Under Art. 13(3) RPBA, amendments made after oral proceedings have been arranged cannot be admitted if they raise issues which the board or the other party or parties cannot reasonably be expected to address without an adjournment of the oral proceedings. This provision therefore leaves the decisionmaking board no room for discretion (T 253/10).
Even at such a late stage of the proceedings, the boards would in some cases still admit amendments which made the request prima facie allowable, for reasons of procedural economy. Such amendments should in principle allow the granting of a patent based thereon (T 1748/08, T 2250/08).
The general interest in efficient conduct of the appeal procedure is an important factor to be considered where it is sought to introduce evidence or requests into the proceedings after arrangement of the oral hearing. Depending on the circumstances, new submissions or requests may be disregarded if an adjournment is required before the proceedings can be closed (T 764/03).
In T 81/03, the board found that requests filed shortly before the minimum deadline set by it in the summons to the oral proceedings had to be regarded as belated where they contained points which could only be dealt with properly in an additional written phase (T 518/08).
In T 253/06, the board held that it was permissible under Art. 13(3) RPBA to regard as belated auxiliary requests filed after oral proceedings had been arranged but within the prescribed period, if those requests were not substantiated, i.e. not accompanied by reasons explaining why the amendments had been made and how they were intended to overcome the objections raised in the course of the proceedings. In such cases, neither the board nor the other parties to the proceedings could reasonably be expected to consider these points, especially if there were a large number of requests and the features of the claims raised new aspects (T 2422/09, T 351/10). This conclusion holds all the more true, if such an unsubstantiated request is filed only shortly before the oral proceedings. In this respect an ex-parte is not different from an inter-partes case (T 1278/10).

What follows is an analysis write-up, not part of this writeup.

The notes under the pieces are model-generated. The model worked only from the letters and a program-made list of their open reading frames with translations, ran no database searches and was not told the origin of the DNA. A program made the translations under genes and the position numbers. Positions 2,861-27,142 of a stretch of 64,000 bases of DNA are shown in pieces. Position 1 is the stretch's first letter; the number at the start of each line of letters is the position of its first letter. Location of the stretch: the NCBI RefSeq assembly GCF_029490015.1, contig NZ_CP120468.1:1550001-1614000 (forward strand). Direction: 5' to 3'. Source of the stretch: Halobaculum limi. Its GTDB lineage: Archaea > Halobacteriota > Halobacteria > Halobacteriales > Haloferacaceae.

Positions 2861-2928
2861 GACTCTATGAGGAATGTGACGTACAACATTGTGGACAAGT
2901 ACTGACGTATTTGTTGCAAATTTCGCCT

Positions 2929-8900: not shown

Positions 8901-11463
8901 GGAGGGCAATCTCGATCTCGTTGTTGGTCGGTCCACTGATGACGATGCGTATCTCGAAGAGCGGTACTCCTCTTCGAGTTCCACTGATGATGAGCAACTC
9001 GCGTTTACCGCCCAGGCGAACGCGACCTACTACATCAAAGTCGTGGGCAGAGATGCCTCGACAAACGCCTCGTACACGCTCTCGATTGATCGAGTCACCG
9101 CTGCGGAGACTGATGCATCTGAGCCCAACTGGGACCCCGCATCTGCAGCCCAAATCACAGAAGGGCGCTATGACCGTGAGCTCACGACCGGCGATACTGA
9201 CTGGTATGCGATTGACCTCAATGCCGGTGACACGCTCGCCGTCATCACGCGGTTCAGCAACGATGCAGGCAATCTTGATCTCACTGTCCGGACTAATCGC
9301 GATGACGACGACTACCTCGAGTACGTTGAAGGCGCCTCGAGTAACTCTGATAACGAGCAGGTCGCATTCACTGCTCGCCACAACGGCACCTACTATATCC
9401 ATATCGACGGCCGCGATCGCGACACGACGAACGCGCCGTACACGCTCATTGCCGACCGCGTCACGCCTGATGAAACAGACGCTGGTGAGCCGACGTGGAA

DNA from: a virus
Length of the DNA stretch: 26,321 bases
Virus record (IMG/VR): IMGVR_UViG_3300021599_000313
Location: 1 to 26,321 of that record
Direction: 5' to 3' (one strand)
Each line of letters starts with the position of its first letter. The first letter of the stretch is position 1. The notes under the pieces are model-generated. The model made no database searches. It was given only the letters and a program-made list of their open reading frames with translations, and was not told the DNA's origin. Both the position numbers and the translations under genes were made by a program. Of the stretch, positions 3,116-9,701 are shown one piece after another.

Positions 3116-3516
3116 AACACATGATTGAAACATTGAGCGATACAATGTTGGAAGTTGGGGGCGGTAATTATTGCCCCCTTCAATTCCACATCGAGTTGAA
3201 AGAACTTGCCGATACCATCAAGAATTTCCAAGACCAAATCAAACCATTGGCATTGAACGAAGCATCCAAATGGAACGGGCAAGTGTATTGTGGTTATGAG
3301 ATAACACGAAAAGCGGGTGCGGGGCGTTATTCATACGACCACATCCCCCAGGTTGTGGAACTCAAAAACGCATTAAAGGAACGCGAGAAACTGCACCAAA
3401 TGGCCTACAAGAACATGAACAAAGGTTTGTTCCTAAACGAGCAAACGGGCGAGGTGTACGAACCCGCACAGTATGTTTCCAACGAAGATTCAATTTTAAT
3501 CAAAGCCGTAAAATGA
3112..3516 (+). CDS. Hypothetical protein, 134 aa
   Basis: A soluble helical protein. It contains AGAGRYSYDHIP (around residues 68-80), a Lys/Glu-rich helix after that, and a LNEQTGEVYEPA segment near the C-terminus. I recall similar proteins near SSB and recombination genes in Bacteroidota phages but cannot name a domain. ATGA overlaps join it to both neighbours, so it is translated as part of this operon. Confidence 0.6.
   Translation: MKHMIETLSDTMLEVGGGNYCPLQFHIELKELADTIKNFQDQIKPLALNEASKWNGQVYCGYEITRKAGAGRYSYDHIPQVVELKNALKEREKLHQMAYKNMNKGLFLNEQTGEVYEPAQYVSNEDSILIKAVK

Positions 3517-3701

Amended claims filed at such a late stage should be clearly allowable in the sense that it can be quickly ascertained that they overcome all outstanding issues without raising new ones (T 1126/97,T 1993/07, T 183/09).
In T 133/04, auxiliary requests were filed after the oral proceedings had been arranged and during those proceedings. The board held that, since no new objections had been raised during the appeal proceedings, there was no manifest need to submit new requests after filing the statement of grounds of appeal. Nor had the appellant provided satisfactory evidence that the late-filed requests were apt to take better account of the reasons for the decision than those filed with the statement of grounds of appeal (see also T 50/98).
Similarly, in T 1443/05, the board refused to admit the auxiliary request under Art. 13(3) RPBA because, as a result of its late filing, the question whether it met the requirements of Art. 123(3) EPC 1973 could not be answered without adjourning the oral proceedings (see also T 1026/03, T 1305/05, T 455/06).